GAME OF THRONES: A NEW ORIGINAL SERIES, NOW ON HBO.
Few books have captivated the imagination and won the devotion and praise of readers and critics everywhere as has George R. R. Martin’s monumental epic cycle of high fantasy that began with A Game of Thrones. Now, in A Feast for Crows, Martin delivers the long-awaited fourth book of his landmark series, as a kingdom torn asunder finds itself at last on the brink of peace . . . only to be launched on an even more terrifying course of destruction.
A Feast for Crows
It seems too good to be true. After centuries of bitter strife and fatal treachery, the seven powers dividing the land have decimated one another into an uneasy truce. Or so it appears. . . . With the death of the monstrous King Joffrey, Cersei is ruling as regent in King’s Landing. Robb Stark’s demise has broken the back of the Northern rebels, and his siblings are scattered throughout the kingdom like seeds on barren soil. Few legitimate claims to the once desperately sought Iron Throne still exist—or they are held in hands too weak or too distant to wield them effectively. The war, which raged out of control for so long, has burned itself out.
But as in the aftermath of any climactic struggle, it is not long before the survivors, outlaws, renegades, and carrion eaters start to gather, picking over the bones of the dead and fighting for the spoils of the soon-to-be dead. Now in the Seven Kingdoms, as the human crows assemble over a banquet of ashes, daring new plots and dangerous new alliances are formed, while surprising faces—some familiar, others only just appearing—are seen emerging from an ominous twilight of past struggles and chaos to take up the challenges ahead.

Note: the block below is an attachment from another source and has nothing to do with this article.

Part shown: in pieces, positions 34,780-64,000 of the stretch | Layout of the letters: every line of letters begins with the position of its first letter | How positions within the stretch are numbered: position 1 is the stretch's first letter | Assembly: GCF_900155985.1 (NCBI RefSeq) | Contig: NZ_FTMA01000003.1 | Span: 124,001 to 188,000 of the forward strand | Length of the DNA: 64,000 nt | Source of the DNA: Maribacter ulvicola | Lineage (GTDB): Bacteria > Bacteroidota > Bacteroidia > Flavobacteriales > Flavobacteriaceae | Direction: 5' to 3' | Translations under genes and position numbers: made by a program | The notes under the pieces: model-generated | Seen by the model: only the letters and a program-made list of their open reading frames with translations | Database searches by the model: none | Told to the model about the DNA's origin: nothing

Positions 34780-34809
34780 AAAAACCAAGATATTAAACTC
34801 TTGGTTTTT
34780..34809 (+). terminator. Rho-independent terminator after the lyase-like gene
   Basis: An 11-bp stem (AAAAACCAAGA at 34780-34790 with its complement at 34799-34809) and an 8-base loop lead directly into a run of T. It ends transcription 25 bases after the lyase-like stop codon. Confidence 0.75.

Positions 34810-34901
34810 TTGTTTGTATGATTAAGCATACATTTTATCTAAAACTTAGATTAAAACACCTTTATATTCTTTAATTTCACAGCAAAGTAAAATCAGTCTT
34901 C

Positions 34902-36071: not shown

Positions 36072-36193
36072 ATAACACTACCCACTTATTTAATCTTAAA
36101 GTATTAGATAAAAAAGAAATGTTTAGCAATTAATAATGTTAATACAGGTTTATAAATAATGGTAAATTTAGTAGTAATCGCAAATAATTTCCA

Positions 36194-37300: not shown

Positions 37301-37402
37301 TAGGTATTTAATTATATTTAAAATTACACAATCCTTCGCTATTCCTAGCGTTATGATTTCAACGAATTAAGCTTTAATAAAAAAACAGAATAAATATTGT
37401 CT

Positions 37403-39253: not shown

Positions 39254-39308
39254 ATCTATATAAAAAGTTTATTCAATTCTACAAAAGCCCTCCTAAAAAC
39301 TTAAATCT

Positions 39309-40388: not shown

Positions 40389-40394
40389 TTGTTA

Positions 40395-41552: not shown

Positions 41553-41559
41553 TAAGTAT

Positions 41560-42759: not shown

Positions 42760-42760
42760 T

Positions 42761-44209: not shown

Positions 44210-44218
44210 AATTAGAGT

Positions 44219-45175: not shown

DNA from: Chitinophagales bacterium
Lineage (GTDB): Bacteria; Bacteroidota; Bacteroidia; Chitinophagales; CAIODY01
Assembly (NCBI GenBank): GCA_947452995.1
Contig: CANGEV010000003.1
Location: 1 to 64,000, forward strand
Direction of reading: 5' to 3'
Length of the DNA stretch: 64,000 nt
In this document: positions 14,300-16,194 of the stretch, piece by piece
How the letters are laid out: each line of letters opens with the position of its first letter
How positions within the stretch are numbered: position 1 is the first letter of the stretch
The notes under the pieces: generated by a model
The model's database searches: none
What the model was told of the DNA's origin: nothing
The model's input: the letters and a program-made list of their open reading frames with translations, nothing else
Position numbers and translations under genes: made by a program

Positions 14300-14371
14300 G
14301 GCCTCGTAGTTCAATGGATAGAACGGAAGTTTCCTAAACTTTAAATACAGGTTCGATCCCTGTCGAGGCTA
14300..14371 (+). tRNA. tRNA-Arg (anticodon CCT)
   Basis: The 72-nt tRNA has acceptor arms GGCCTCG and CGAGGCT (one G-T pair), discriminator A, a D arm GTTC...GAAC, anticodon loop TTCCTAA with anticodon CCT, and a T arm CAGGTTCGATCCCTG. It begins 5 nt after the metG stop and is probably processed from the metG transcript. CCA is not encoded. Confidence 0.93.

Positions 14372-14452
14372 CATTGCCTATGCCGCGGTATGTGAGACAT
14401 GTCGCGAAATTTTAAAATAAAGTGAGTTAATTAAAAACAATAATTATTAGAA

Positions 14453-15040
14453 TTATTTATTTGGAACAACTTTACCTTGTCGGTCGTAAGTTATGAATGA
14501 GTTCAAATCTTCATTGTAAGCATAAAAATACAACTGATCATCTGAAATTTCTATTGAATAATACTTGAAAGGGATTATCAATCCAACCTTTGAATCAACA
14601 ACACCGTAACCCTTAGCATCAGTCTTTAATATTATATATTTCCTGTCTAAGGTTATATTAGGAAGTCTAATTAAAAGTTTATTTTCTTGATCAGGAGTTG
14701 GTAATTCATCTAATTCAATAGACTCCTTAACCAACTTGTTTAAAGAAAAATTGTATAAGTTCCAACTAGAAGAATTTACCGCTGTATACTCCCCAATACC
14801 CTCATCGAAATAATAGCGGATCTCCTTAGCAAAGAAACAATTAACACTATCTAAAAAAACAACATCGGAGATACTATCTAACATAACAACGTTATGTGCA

©2007 George R.R. Martin (P)2011 Random House
"Of those who work in the grand epic-fantasy tradition, Martin is by far the best.... [He] is a tense, surging, insomnia-inflicting plotter and a deft and inexhaustible sketcher of personalities.... This is as good a time as any to proclaim him the American Tolkien." (Time)
"The only fantast series I'd put on a level with J.R.R. Tolkein's The Lord of the Rings…. It's a fantasy series for hip, smart people, even those who don't read fantasy…. If you're new to the series, you must begin with Book 1, A Game of Thrones. Once you're hooked…. you'll be like the rest of us fans, gnawing your knuckles until book 5” (Marta Salij, Detroit Free Press)
“THE MOST impressive modern fantasy, both in terms of conception and execution, is George R.R. Martin's A Song of Ice and Fire.… A masterpiece that will be mentioned with the great works of fantasy.” (Contra Costa Times)
What the hell happened with the narrator? Did he go on a sabbatical and forget he worked on the first books?
Note to narrators: Great idea if you want to change your voice to distinguish between characters; nice touch, but unnecessary in most cases. However, the poorest performance I can think of, determines that the audience will miss chunks of the book because they are wondering why half the characters have drastically changed accents. VERY annoying.
Somehow the fourth book has become regarded as the black sheep of the Game of Thrones family. I suppose I can understand why: No dragons, no Tyrion, no wall in the north.